EDITOR’S NOTE: WTVR.com is partnering with the “iPadJournos” mobile and social media journalism project at VCU’s School of Mass Communications. Students from the project reported the following story.
RICHMOND, Va. – Had it not been for Facebook, Amit Vohra and Priya Lall would have probably not fallen in love. The VCU students used the popular social network as a way to meet each other.
“He was oblivious to everything. I had to trick him into asking for my number. It was the hardest thing. I sent him a message over winter break,” said Lall.
The venues of online dating are everywhere now through social media. With platforms such as Facebook, Twitter and Instagram, reaching out to strangers is easier than ever.
But with incidents such as the scandal surrounding football player Manti Te’o and shows like MTV’s Catfish, the risks of online dating have taken a center stage as well.
Catfishing has become a phenomenon on social media and dating websites. Internet predators fabricate online identities and entire social circles to trick people into emotional and romantic digital relationships over a long period of time. With recent publicity around catfishing, more people realize the potential harm and impact of online dating and abuse of social media.
But even with all the risk of online dating, happy endings exist for some. Rachel Machacek, relationship blogger and author of The Science of Single, has been dating her boyfriend for two years. She contacted him through a friend request on Facebook.
“I purposely friended him on Facebook even though I did not personally know him at the time,” said Machacek.
While she found her boyfriend through mutual friends on Facebook, she had explored the possibilities of online dating websites before. Machacek said she was in her early 30s, living in Washington, D.C. and running out of people to date in her circle of friends.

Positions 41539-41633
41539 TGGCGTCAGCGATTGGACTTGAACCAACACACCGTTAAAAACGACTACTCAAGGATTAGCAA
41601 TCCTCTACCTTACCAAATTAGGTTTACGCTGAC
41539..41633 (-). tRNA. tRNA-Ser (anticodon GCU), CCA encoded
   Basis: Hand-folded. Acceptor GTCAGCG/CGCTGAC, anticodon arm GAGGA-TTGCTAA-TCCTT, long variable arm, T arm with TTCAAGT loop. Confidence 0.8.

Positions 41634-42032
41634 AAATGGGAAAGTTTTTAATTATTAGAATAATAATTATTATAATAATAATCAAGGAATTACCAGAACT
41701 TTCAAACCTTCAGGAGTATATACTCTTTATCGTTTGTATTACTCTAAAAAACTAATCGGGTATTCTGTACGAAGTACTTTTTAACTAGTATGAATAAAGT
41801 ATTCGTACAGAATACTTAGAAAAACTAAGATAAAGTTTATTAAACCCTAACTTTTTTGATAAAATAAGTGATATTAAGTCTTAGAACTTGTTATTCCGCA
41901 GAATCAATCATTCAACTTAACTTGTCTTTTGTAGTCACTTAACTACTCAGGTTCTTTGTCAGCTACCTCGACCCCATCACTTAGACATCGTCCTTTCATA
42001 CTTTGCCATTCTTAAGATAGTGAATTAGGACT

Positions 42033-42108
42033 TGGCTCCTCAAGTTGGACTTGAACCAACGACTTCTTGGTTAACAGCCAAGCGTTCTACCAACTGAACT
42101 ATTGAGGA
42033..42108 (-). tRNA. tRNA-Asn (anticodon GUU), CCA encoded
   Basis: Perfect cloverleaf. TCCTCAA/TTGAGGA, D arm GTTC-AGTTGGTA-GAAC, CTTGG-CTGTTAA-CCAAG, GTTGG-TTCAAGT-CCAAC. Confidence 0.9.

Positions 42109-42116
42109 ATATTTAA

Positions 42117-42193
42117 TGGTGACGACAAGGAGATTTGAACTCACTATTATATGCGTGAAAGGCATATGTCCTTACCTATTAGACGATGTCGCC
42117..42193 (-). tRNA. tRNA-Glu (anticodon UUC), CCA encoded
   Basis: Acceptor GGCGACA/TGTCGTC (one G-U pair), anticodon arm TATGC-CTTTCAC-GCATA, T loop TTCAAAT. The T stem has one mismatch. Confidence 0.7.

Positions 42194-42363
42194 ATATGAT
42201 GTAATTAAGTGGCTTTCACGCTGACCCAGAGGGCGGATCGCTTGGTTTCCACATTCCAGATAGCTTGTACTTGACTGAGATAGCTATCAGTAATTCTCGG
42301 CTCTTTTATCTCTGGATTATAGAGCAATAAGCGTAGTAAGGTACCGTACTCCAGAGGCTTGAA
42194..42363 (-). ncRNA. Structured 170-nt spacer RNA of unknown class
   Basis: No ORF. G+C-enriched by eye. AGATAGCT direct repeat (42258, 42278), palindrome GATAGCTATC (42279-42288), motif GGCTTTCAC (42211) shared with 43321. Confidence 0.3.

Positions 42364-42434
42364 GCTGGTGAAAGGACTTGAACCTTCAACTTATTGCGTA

A friend suggested to turn to online dating nine to 10 years ago. Machacek was initially skeptical about online dating, but was also equally unsatisfied of her dating situation. She turned to online dating sites such as eHarmony to jump start her love life.
“I found online dating to be a pretty safe environment. I never felt fearful going on a date with someone I met online,” said Machacek. “When someone doesn’t ever want to meet you and engage with you outside of an online relationship that is a red flag. I think it’s really unfortunate that people look down on online dating, but I think people can be duped in real life just as easily as they can online. Online dating is a great way to start the dating process.”
The changing pace of dating also makes for an interesting new wave of human interactions from a psychology perspective, according to Dr. Micah McCreary, an associate professor of psychology at VCU. He said the impersonal nature of the internet is to blame for the shift in online dating.
“It’s personality, the word for it is persona or a mask,” said McCreary. “So, when we are in public we have to put on a mask and put on a front to present myself in my best self. If I’m not in your face and I’m online, I can put on whatever mask I want to. I can become whoever I can become and try out new things.”
This story was reported by the “iPadJournos” mobile and social media journalism project, a cooperation between WTVR.com and VCU’s School of Mass Communications.